Myanmar embarked on a major political and economic reform since 2011, and is at its nascent stage of financial inclusion. The national poverty rate is high at 25 percent and the country ranks 149 out of 186 countries on the Human Development Index. In addition, less than 20 percent of the population has access to formal financial services, as most people use informal ways to save, borrow, and transfer money. With commercial banks focusing on serving the high-end population, financial inclusion for the under banked and the unbanked is an important task in Myanmar.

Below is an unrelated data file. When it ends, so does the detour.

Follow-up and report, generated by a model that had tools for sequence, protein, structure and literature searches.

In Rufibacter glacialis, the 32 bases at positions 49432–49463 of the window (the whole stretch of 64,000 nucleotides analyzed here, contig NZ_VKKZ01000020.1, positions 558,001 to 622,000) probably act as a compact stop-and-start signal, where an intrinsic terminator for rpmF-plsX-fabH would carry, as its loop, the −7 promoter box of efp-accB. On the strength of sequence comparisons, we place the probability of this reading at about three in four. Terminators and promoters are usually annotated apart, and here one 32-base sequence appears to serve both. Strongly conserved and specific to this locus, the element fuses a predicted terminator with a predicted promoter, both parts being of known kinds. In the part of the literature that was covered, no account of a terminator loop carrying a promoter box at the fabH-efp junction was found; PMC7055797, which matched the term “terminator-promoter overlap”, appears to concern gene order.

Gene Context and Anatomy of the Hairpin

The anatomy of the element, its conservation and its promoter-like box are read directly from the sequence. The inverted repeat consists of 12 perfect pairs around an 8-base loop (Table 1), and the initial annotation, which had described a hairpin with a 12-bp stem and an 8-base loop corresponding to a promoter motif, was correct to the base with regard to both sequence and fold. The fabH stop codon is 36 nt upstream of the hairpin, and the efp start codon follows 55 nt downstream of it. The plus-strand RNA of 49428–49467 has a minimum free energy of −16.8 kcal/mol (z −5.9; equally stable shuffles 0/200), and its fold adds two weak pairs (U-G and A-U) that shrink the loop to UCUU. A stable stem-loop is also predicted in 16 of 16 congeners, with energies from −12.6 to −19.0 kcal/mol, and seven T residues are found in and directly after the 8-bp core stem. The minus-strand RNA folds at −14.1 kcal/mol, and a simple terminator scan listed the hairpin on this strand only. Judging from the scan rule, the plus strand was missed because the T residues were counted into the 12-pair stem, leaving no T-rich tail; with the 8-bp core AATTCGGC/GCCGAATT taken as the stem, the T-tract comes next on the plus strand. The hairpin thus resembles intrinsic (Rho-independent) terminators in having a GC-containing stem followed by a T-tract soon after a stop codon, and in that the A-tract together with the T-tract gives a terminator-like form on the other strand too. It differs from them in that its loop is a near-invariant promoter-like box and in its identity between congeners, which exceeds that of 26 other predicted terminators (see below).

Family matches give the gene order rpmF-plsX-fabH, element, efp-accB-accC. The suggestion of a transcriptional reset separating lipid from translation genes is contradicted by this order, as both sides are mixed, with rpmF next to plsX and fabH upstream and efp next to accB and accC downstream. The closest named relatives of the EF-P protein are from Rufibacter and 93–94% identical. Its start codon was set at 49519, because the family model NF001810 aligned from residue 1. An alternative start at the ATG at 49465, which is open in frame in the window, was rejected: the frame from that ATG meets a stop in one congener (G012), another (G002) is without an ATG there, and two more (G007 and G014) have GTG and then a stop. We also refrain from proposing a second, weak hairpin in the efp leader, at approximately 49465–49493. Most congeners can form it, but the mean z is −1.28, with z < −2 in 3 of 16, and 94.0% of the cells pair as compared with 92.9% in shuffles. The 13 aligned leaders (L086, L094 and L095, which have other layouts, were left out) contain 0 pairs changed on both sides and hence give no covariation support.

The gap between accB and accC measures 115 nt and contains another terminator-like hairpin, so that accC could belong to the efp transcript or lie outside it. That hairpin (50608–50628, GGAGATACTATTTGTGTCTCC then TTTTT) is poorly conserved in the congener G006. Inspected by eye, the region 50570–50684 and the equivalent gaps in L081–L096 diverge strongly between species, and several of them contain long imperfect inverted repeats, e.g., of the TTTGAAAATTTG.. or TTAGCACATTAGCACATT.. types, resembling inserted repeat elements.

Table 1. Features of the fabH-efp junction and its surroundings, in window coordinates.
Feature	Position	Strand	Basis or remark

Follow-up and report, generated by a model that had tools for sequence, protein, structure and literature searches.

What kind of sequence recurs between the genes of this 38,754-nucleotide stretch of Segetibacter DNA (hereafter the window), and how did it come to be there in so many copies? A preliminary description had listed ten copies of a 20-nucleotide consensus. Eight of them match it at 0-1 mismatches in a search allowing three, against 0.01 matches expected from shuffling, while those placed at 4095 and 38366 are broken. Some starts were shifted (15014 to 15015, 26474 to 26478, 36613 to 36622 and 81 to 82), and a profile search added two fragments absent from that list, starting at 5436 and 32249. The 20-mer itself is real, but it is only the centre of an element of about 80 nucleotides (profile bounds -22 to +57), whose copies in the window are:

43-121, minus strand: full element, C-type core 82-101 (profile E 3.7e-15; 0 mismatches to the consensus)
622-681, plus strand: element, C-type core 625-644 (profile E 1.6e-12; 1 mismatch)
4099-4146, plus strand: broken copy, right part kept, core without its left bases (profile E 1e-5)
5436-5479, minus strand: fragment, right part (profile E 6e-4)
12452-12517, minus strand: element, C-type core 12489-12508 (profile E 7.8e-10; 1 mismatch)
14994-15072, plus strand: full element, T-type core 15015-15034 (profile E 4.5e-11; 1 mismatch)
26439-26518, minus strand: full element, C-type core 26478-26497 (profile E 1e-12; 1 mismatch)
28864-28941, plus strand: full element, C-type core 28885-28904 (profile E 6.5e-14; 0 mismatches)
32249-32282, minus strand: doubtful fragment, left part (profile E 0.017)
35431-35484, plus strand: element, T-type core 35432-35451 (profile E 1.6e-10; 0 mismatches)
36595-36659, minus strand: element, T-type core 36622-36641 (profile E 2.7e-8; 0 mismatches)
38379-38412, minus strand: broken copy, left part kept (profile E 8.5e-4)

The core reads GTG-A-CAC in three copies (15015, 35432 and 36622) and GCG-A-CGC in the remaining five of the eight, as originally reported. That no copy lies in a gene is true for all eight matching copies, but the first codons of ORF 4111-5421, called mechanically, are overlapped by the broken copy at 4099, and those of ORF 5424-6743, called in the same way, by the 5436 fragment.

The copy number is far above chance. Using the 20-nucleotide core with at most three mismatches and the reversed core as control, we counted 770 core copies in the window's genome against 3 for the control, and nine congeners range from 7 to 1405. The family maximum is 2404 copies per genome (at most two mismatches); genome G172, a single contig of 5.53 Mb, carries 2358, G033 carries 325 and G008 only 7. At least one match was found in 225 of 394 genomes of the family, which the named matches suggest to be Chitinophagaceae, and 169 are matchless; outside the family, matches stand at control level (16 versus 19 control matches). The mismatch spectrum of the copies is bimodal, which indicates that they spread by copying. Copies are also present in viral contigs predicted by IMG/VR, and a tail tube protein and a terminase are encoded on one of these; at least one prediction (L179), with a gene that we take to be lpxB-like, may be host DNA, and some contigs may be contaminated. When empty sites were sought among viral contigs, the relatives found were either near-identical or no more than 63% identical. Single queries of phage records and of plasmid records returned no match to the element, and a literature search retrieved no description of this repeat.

However, there are promising movements towards improved financial inclusion. With the new government, at least 30 laws have been revised to reform the country’s economy. Microfinance is given a top priority among them and the parliament passed a Microfinance Law in November 2011. Also, 177 MFIs received a license to operate from the Myanmar Microfinance Supervisory Enterprise by May 2013. The number of ATMs is also increasing rapidly, from the previous 20 to almost 400. While the current mobile penetration is low at less than 10 percent, the government targets to increase this rate to 75-80 percent by 2016, which will provide huge opportunities to accelerate financial inclusion through mobile payments.